Coach Carter at BSU: Always Finish Strong

Coach Carter speaks at BSU

By Katelynn Thys

MUNCIE, INDIANA (NEWS) - A coach is supposed to influence his or her team on and off the court. Build them up, but also dish out constructive criticism. Coach Ken Carter refused to allow his undefeated high school basketball team into the gym until their grades improved.

While his community was outraged but Coach Carter wanted his athletes to see being an athlete isn’t the only option in life. His story was then transformed into a movie, with his role being played by Samuel L. Jackson.

Only 1 out of 500,000 athletes have a chance to make it big in sports Coach Carter stressed to his audience at Pruis Hall last night.

“You can’t keep wishing for things that can’t happen,” He said. “you have to dream big, but then take action.”

As Coach walked onto stage he blew his whistle, as the crowd fell silent. Pacing back and forth quietly for almost a minute as the audience gazed at him wondering when he will speak. He didn’t stand on the stage the entire time and just hope that his words would influence those sitting in the seats before him.

Coach Carter walked around and shook hands while he passed. When he saw a young woman taking notes, he took her notebook and autographed it. When he saw young men thinking they were tough he made them stand up and bump their chest as he yelled, “Stick your chest out.”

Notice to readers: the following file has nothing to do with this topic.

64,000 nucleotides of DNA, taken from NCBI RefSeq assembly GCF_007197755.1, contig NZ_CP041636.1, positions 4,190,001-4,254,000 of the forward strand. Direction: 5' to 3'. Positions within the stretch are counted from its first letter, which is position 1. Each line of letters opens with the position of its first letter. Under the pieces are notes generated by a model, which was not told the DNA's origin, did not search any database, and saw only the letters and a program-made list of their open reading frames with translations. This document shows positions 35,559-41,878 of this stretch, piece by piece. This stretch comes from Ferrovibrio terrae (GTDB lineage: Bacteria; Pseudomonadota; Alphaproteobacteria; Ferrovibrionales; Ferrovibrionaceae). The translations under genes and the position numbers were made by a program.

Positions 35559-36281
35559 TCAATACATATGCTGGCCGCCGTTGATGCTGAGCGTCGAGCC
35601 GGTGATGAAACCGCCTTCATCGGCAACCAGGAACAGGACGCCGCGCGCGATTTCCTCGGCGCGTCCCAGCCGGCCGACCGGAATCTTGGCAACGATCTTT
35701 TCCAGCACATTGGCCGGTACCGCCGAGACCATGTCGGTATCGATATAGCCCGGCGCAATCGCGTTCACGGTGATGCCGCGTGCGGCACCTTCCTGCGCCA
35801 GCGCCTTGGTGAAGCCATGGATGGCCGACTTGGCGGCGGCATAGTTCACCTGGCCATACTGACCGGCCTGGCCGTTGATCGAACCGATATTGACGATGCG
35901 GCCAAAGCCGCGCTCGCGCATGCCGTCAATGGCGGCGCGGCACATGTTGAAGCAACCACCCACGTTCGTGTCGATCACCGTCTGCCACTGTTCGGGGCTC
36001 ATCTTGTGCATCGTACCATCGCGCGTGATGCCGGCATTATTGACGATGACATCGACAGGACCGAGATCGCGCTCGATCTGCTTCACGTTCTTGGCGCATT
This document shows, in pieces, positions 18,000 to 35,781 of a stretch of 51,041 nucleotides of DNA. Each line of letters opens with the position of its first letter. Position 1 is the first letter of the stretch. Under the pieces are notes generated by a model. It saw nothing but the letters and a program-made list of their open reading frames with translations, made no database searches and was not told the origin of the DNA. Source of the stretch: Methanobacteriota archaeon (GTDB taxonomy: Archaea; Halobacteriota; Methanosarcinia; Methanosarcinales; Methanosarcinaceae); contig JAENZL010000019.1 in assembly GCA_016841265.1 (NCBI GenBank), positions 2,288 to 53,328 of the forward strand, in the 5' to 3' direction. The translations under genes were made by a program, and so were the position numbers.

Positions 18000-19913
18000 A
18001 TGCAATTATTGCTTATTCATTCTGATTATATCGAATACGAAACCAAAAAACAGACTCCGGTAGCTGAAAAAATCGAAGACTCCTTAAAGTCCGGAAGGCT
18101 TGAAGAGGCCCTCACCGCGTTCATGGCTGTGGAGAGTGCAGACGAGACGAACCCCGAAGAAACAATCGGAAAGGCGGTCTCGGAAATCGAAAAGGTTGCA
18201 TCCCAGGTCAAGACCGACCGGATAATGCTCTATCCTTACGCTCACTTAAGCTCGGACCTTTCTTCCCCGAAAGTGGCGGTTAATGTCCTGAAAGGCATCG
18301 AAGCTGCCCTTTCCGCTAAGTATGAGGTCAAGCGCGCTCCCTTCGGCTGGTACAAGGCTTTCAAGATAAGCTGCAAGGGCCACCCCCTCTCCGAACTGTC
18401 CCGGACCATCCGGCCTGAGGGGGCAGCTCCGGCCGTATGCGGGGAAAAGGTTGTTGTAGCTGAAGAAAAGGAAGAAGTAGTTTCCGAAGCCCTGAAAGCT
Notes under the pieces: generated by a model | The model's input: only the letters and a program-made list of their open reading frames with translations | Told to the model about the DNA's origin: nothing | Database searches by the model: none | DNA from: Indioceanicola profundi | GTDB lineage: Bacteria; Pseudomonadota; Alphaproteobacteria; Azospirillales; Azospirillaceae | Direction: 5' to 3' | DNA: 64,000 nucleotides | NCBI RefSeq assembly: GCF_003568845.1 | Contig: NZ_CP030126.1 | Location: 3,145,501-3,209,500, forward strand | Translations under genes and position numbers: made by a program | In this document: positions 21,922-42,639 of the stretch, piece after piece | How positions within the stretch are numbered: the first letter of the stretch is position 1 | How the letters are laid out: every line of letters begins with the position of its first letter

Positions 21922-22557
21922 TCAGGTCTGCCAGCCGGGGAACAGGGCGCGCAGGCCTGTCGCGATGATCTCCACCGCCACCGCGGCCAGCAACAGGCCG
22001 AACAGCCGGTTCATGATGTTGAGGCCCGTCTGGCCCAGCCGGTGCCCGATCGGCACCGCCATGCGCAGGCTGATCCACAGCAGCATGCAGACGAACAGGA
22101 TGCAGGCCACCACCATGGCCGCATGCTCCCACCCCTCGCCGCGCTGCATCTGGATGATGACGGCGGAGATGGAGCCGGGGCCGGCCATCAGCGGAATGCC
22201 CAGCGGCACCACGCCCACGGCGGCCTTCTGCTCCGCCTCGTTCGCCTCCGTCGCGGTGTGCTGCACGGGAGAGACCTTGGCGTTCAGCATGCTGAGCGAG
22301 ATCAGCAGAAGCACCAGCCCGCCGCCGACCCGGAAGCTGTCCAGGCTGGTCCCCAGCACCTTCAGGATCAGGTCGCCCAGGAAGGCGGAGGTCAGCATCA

“Young men, if I can give you four words to live by: Listen to the woman,” Coach advised.

His entire presentation Coach Carter interacted with his listeners making laughter bounce off every corner of the auditorium.

“He just had a great sense of humor and he connected with the audience,” Matt Petsche, senior entrepreneur major said.

Coach Carter spoke about money, family, hardships, education and Martin Luther King Jr.

“The wind that blows others into the rocks, will blow you to the finish line,” he said.

Coach Ken Carter had everyone shake the hands of the people around them and repeat, “I validate your ability to be successful.”

Breaking the void between each person and having everyone be a part in his motivational speech.

“I am inspired by his words because he said things that applied to my life and education,” Ball States Chapter of National Association of Black Journalists President Brandon Pope said.

There is a different between a job and a career. A job is just over broke; while a career will be something you are not paid hourly for. Coach Carter said always do more than what you are paid to do. He doesn’t believe in giving 110% but he believes in giving 100% by knowing you roll in life.

“When I was seven years old I wrote down that they were going to make a movie about me and 35 years later, they did,” Coach Carter said. “Write things down because they are more likely to come true.”

When secondary education major, Mike Zmija heard about Coach Carters Impact Academy in Marlin Texas, he knew what he wanted to learn from the couch.

“There’s a problem with diversity in the school systems and I knew he would have some knowledge from both the teaching and administration standpoint,” Mike Zmija said.

The Impact Academy focuses on academic performances for young men between the ages of 12 to 18.

Coach Carter speaks at BSU

Photos by Stephanie Tarrant for Muncie Free Press

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